Two villages on the North Devon coast, one above the other, Lynton and Lynmouth were known by the Victorians as Little Switzerland.
Lynton is an attractive village with a museum and good range of restaurants, cafes, tea shops and ‘art/craft’ shops. The town hall is very grand and is home to the Visitor Centre as well as films, drama and exhibitions.
Six hundred feet below Lynton is the small harbour of Lynmouth. The two villages are linked by a famous and ingenius cliff railway which is well worth a ride. In the 19th century the steep cliffs separating the two villages were a major obstacle to economic development. In 1820 holidaymakers also started arriving and thought was given to how to transport both goods and tourists up and down. In 1890 a tramway, powered by water from the River Lyn, was finally opened to the public amid much acclaim.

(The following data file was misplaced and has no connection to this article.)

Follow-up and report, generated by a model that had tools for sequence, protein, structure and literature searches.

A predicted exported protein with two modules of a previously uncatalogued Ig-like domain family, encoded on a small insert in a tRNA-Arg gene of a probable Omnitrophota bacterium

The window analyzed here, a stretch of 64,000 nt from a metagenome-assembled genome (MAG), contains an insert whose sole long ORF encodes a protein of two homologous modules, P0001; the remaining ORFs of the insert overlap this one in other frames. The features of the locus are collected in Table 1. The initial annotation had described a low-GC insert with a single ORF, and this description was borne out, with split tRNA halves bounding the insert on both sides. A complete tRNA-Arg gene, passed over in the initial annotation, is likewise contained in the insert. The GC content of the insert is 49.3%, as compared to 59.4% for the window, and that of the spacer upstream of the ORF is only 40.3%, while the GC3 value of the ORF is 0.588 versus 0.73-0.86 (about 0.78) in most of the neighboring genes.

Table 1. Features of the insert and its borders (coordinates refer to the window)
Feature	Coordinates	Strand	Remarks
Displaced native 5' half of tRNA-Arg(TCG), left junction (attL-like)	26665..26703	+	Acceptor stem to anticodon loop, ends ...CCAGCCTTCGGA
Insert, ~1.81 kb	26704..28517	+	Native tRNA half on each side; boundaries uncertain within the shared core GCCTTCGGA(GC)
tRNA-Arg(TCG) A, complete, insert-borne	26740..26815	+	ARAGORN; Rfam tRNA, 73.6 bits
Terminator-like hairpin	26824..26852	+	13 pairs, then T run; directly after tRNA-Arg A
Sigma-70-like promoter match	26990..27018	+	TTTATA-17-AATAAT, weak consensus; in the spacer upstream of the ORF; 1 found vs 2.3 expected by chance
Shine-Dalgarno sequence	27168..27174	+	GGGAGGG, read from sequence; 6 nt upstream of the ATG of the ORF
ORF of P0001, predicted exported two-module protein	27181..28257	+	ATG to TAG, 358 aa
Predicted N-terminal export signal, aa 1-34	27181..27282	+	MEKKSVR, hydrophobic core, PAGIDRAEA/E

Two rivers – the East Lyn and the Hoaroak – combine just inland from the harbour at Watersmeet, sweep down a spectacular gorge and through the village to the sea. Reminders of the disaster in 1952, when the rivers flooded and a torrent of water washed many cottages into the sea with great loss of life, can be seen in the Memorial Hall.
There are some lovely walks from Lynmouth, notably up the river gorge to Watersmeet where the National Trust have a shop and tea rooms. You can also travel west along the coast path to the Valley of Rocks with its dramatic scenery and flock of wild goats or round Hollerday Hill overlooking Lynton.
A wonderful area to visit, with guaranteed spectacular views.